How does it work?
ECP contains the hormone progestin (levonorgestrel) and works in a number of ways:
- delaying or preventing the ovaries from releasing an egg
- altering the cervical mucus that acts as a barrier to sperm and prevents the sperm and egg meeting (fertilization)
- changing the lining of the uterus to make it difficult for a fertilized egg to implant
- by slowing the sperm and egg as they move down the tube
How effective is it?
It is most effective when treatment is started in the the first 24 hours after sex occurs. It is difficult to measure exact effectiveness of emergency contraceptive pill(s) as there are many different variables such as where a person is in their cycle when it was used, how much time had passed when it was used, was there a birth control malfunction or none used. The package insert states that it is 89% effective, however some researchers believe the effectiveness more realistically to be somewhere around 50-60%. We do know it is definitely better than nothing and we also know that timing influences it’s effectiveness. The sooner the medication can be taken, the more quickly the changes will take effect.
ECP may not work if:
- a fertilized egg has already implanted in the uterus before taking the pills
- too much time passed between unprotected intercourse and taking the pill and ovulation still occurs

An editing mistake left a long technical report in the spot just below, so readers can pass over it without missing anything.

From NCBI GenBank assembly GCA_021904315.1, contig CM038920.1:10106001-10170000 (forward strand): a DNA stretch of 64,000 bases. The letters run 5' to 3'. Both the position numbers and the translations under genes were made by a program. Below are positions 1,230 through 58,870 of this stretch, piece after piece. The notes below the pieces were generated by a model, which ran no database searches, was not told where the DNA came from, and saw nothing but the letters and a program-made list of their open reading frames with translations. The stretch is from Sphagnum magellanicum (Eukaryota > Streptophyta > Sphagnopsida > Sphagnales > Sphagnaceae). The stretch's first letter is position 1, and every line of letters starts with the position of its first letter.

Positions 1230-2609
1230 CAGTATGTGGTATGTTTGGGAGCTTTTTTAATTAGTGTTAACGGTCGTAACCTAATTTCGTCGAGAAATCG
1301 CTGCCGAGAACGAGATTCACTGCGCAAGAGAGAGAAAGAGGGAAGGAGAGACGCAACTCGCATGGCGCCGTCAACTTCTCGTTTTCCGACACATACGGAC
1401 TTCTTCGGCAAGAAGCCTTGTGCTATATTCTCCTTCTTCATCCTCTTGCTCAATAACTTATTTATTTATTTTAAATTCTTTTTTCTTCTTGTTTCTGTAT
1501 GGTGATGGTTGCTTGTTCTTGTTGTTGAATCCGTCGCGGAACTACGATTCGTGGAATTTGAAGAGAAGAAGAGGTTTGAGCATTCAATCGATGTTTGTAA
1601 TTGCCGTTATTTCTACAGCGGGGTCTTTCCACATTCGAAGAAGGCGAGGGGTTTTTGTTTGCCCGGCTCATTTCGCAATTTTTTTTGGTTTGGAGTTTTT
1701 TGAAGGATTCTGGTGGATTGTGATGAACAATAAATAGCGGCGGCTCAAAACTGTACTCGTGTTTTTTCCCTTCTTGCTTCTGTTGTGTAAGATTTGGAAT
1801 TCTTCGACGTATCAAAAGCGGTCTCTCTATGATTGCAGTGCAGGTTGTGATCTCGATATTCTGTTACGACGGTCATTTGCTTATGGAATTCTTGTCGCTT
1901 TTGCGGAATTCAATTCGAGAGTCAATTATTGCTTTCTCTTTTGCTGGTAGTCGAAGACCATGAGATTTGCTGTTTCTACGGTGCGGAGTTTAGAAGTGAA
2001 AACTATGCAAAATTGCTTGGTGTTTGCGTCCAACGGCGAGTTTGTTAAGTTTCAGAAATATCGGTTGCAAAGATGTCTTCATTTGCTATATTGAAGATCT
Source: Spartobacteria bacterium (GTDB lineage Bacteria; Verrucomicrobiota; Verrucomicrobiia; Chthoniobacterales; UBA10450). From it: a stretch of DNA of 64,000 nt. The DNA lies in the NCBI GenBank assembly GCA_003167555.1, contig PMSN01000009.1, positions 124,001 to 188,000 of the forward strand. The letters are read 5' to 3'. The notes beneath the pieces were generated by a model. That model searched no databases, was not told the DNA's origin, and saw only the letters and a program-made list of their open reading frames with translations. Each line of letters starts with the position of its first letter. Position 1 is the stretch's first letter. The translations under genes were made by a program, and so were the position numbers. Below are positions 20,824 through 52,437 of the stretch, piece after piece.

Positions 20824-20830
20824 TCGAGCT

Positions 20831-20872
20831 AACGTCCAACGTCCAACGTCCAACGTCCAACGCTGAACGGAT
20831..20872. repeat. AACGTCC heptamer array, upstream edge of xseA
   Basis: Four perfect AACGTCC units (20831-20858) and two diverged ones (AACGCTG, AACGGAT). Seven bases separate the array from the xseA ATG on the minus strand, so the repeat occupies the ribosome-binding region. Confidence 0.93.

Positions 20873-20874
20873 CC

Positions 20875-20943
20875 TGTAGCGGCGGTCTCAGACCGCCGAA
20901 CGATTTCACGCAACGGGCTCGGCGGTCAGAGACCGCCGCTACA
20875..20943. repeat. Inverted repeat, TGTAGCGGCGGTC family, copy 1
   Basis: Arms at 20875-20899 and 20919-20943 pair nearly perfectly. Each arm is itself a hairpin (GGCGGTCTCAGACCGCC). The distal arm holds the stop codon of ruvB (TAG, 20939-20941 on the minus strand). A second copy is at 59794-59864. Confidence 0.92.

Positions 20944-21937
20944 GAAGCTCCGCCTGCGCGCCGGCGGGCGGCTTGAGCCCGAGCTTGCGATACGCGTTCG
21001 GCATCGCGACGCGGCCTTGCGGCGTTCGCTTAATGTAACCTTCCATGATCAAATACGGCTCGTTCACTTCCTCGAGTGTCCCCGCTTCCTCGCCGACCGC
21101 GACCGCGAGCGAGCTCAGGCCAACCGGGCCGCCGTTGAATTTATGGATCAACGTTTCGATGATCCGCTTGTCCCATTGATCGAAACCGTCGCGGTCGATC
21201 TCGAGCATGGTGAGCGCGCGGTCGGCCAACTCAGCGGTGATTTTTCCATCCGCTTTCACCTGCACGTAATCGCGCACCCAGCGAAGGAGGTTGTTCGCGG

Health Canada states that these “pills are less effective in women weighing 165 to 176 pounds (75-80 kg), and are not effective in women over 176 pounds (80 kg). Women who weigh 165 pounds or more are advised to ask a health professional, such as a doctor or pharmacist, for advice on alternative methods of emergency contraception.”
ECP does not work if you are already pregnant; it does not cause abortion.
How much does it cost?
We charge $17 per box (single complete dose) but pharmacies generally charge more.
There are currently three types of emergency contraceptive pills available in Canada:
- Progestin only pill method sold as Plan B/Contingency ONE/Option 2/NorLevo
- Ullipristal Acetate Pill (not available at ISHS)
- Yuzpe (Ovral) method, containing both estrogen and progestin (not available at ISHS)
The progestin only pill is slightly more effective than older forms of the morning after pill, and is much less likely to cause nausea and is the ONLY type currently available at ISHS!